Education standards don’t normally quicken the pulse — or even get much attention — but now that’s no longer the case. As new national education standards, known as the Common Core State Standards (CCSS) are being implemented, they’re creating a buzz — both positive and negative.
Supporters — which include teachers’ unions, the PTA, as well as many education experts and policy makers — say the standards will increase the rigor and quality of American schools and put the U.S. back on the map in terms of education excellence.
According to National PTA president Betsy Landers, the standards, “represent the single most important step towards raising the achievement bar for America’s students and improving academic performance,” and one early survey found that a majority of teachers support the standards as well.
Critics, on the other hand, suggest the CCSS will damage our current education system, though their reasons for opposing the standards are often very different. Some argue the standards are evidence of government overreach and say they do everything from push an anti-gun agenda to mine data on our children. Some education experts are also wary, insisting they will ramp up high stakes testing and promote a more rigid approach to education, among other critiques.
Are you confused yet?
To cut through the clamor, we’ve created this quick cheat sheet of CCSS fundamentals to help you make up your own mind about the standards and how they’ll affect your child’s education.
What are the Common Core State Standards — and how are they different from previous standards?
The Common Core State Standards (CCSS) are new English language arts and mathematics standards for kindergarten to 12th grade.
The goal of the CCSS is to set clear, consistent benchmarks for what students are expected to learn in each grade to prepare them for college and career.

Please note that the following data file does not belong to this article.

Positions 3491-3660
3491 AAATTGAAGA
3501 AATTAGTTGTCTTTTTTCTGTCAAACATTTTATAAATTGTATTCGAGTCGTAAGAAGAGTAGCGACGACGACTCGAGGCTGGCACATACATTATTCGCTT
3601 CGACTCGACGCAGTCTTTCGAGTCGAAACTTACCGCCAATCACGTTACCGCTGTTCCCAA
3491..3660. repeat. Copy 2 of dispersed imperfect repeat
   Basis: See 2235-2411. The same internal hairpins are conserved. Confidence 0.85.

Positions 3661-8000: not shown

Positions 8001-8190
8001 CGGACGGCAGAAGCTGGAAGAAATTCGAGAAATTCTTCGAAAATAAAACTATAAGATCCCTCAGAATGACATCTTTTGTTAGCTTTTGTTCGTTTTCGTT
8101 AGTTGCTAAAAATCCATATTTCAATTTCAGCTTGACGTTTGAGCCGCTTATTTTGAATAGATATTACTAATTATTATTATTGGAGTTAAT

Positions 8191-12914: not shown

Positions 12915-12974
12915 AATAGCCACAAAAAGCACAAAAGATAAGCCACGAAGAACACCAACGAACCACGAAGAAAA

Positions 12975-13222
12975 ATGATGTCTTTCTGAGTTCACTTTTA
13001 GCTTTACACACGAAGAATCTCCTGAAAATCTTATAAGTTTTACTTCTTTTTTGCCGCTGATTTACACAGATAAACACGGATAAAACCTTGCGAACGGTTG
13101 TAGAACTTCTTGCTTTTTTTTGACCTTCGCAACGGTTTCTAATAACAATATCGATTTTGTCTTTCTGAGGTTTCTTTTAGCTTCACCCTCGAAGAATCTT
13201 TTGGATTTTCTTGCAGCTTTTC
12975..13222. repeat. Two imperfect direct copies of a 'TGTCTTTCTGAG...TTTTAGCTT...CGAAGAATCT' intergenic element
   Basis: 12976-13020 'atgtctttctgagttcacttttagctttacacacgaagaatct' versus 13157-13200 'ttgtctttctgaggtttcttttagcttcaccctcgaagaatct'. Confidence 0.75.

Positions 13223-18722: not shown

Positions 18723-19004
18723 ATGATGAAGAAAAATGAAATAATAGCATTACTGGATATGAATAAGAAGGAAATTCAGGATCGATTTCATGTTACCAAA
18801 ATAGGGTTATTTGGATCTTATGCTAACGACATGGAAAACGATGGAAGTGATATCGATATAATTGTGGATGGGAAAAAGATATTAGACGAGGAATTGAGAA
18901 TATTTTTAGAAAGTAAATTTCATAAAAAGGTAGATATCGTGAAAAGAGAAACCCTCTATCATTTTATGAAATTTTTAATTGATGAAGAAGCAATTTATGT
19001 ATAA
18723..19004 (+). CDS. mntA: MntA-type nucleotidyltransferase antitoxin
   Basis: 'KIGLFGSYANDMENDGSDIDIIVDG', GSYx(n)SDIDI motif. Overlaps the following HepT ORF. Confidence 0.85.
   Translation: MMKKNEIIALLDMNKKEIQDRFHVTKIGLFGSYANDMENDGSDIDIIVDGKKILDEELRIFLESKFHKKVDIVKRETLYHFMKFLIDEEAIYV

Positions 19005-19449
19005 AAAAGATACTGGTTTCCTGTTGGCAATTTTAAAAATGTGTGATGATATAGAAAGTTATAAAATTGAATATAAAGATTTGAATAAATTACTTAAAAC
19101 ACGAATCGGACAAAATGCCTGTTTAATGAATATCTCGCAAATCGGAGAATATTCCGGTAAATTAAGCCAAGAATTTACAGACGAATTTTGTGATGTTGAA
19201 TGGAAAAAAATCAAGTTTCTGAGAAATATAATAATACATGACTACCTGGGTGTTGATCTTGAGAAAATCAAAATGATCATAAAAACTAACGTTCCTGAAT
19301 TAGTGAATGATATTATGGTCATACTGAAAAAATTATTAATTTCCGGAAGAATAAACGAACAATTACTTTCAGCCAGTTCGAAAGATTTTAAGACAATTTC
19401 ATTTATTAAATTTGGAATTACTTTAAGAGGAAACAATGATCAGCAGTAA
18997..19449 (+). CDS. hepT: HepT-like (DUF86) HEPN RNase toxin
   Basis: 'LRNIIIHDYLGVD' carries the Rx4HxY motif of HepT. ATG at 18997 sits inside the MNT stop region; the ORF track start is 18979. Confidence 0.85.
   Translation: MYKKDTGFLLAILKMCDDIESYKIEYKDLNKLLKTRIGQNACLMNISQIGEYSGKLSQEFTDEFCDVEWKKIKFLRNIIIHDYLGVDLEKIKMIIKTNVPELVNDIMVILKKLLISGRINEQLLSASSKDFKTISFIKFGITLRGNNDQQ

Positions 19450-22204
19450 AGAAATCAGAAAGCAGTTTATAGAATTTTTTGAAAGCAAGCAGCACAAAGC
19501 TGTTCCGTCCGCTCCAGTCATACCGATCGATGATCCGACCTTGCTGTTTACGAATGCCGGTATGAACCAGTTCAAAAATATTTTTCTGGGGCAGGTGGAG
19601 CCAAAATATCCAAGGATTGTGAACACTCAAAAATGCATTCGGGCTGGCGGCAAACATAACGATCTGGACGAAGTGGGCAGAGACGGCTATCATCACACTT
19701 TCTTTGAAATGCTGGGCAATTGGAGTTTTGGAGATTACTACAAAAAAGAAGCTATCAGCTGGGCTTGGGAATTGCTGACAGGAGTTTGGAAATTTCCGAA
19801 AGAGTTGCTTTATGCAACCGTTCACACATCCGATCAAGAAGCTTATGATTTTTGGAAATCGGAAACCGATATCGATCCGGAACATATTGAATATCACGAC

How do the CCSS differ from current education standards? Up until now, individual states have developed their own standards, which means that math taught to second graders in Brattleboro, Vermont may look wildly different from the math a second grader in Bozeman, Montana learns. The CCSS are the first attempt at national standards, but they were created by a coalition of states — not, as some critics claim — by the federal government. Every state in the nation decided whether or not to adopt them. The goal of the CCSS is to create consistent, rigorous education expectations for every child, no matter where he or she lives.
Developed by the National Governors Association and the Council of Chief State School Officers, the CCSS authors consulted with parents, educators, education policy makers, and others in developing standards they say are based on the most effective and rigorous education standards in the U.S. and around the world.
Learn more about the background and development of the Common Core State Standards.
Why were the CCSS developed?
According to the Core authors, the CCSS were developed in response to growing concern over the quality of the U.S. education system. American students receive mediocre scores compared to other developed countries in international tests, and the U.S. ranks 22nd place among developed countries in the number of students who graduate from high school.
For those students who make it to college, many do not have the basic skills they need to succeed. Each year, one million students fail college placement tests, and more than one-third of all students enroll in remedial education to learn skills they should have mastered in high school. This lack of preparation not only forces many students to spend extra years in college, it also jeopardizes their chances for college success. College completion rates are only about 59 percent for students who enroll in four-year colleges, and 31 percent for students seeking associate degrees. Lack of preparation is one of several factors that increase the likelihood that a student will drop out of college. Finally, between 1995 and 2010, the U.S. dropped from second to 13th among developed countries in the percentage of students who earn a college degree.